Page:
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Titlesort descending Summary
Burgess v. Shampooch Pet Industries, Inc.

This Kansas case presents an issue of first impression as to the proper measure of damages recoverable for injury to a pet dog.  The plaintiff's dog, a 13-year old dog of negligible market value, suffered a dislocated hip after being groomed at defendant's establishment.  The appellate court found the lower court's award of damages based on the veterinary bills was proper where the bills were not disputed and represented an easily ascertainable measure.  Specifically, the court held that 

when an injured pet dog with no discernable market value is restored to its previous health, the measure of damages may include, but is not limited to, the reasonable and customary cost of necessary veterinary care and treatment.

The court was unconvinced by defendant's "hyperbolic" claim that such an award would lead to a floodgate of high-dollar litigation on behalf of animals with low market values.

Detailed Discussion of Kansas Great Ape Laws In Kansas, it is legal for anyone to import, possess, buy, and sell any species of ape for any purpose. There are no state permit or registration requirements for gorillas, chimpanzees, bonobos, orangutans, or gibbons; however, those species are protected under the Federal Endangered Species Act, and activities involving those animals may require federal permits.The following discussion begins with a general overview of the various state statutes and regulations affecting Great Apes. It then analyzes the applicability of those laws to the possession and use of apes for specific purposes, including their possession as pets, for scientific research, for commercial purposes, and in sanctuaries.
Hearn v. City of Overland Park

Syllabus by the Court

In an action to enjoin the City of Overland Park from enforcing an ordinance regulating the ownership of pit bull dogs within the city, the record is examined and it is held: (1) The ordinance is not unconstitutionally vague or overbroad; (2) the ordinance does not violate the due process rights of plaintiffs under the United States and Kansas Constitutions; (3) the ordinance does not violate the equal protection clauses of the United States and Kansas Constitutions; and (4) the district court did not err in dismissing the plaintiffs' claim for damages pursuant to 42 U.S.C. § 1983 (1982).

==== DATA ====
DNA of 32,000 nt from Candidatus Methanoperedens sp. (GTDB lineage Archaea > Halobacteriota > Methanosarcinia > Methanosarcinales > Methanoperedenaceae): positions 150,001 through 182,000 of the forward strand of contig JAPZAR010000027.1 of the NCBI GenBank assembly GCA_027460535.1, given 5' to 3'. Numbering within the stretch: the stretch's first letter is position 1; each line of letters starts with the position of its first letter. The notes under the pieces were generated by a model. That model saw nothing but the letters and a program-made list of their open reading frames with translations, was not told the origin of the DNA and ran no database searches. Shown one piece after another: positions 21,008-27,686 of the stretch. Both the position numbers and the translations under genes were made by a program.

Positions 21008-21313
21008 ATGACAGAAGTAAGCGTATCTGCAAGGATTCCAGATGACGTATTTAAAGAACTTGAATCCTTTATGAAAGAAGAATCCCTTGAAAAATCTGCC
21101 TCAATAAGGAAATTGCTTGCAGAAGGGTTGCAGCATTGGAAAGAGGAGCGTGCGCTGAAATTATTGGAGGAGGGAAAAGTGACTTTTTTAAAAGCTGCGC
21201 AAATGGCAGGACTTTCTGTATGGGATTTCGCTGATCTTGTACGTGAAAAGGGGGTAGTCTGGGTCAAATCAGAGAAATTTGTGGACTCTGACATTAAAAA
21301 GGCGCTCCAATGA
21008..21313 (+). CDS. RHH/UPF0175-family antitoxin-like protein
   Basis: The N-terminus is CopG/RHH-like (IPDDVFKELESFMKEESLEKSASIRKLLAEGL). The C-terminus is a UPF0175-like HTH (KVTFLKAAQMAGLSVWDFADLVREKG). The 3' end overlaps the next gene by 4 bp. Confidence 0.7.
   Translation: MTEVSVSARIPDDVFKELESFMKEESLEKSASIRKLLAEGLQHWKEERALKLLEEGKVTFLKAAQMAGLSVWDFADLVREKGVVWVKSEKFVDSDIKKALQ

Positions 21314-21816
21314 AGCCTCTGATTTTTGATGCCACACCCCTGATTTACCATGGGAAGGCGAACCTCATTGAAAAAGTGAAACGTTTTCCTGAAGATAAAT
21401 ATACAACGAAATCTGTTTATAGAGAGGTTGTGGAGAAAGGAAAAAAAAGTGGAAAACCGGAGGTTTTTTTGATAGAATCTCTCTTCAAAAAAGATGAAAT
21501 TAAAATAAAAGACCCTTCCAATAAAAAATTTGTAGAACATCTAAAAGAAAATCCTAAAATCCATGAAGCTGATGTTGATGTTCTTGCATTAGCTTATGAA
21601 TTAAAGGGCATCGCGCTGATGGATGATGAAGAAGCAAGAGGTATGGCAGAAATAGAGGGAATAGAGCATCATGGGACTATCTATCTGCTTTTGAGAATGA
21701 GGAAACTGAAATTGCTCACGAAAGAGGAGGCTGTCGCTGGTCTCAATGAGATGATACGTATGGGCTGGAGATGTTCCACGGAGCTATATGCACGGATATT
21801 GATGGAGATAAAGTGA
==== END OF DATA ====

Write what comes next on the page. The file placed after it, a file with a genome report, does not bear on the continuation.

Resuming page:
In re Marriage of Tevis-Bleich
A couple had agreed to a divorce settlement where they each had visitation rights with their dog; the trial court approved of the arrangement.  The wife later tried to have that section removed from the decree, but the trial court held that they did not have jurisdiction to make such a change.  The appellate court affirmed the decision, which left visitation intact
KS - Abandon - Chapter 47. Livestock and Domestic Animals. This Kansas statute provides that any animal placed in the custody of a licensed veterinarian that is unclaimed by its owner for a period of more than ten (10) days after written notice by registered or certified mail is given, shall be deemed to be abandoned and may be turned over to the nearest humane society, or dog pound or disposed of as the custodian may deem proper. The giving of notice to the owner of record immunizes the veterinarian from liability.
KS - Arkansas City - Breed - Pit Bull Ordinance

In Arkansas City, Kansas, it is unlawful to possess an American Staffordshire Terrier, a/k/a American Pit Bull Terrier or Pit Bull, or a Presa Canario, a/k/a Canary Dog. Under these ordinances, pit bulls are deemed to be vicious and may be euthanized by court order or by failure of an owner or harborer to pay impoundment fees. Additionally, a person may be fined up to $500.00 and/or may be jailed for up to 6 months for violating these ordinances. 

KS - Assistance Animal - Consolidated Assistance Animal Laws The following statutes comprise the state's relevant assistance animal and service animal laws.
KS - Breeders - Article 18. Animal Facility Inspection Program-License and Registration Fees These Kansas regulations set out the fees schedule for licenses, such as animal breeder premises license. Under the regulations, premises that are licensed are subject to routine inspections to determine compliance with the regulations.
KS - Breeders - Article 23. Hobby Kennel Operators These Kansas regulations require hobby kennel operators to provide good quality food and keep records for each animal. Kennels must be structurally sound, be maintained in good repair, and protect animals from injury. Water and electrical power must be provided in each kennel.
KS - Breeders - Article 24. Kennel Operators (Revoked in 2017). These Kansas regulations require kennel operators to provide good quality food and keep records for each animal. Kennels must be structurally sound, be maintained in good repair, and protect animals from injury. Water and electrical power must be provided in each kennel.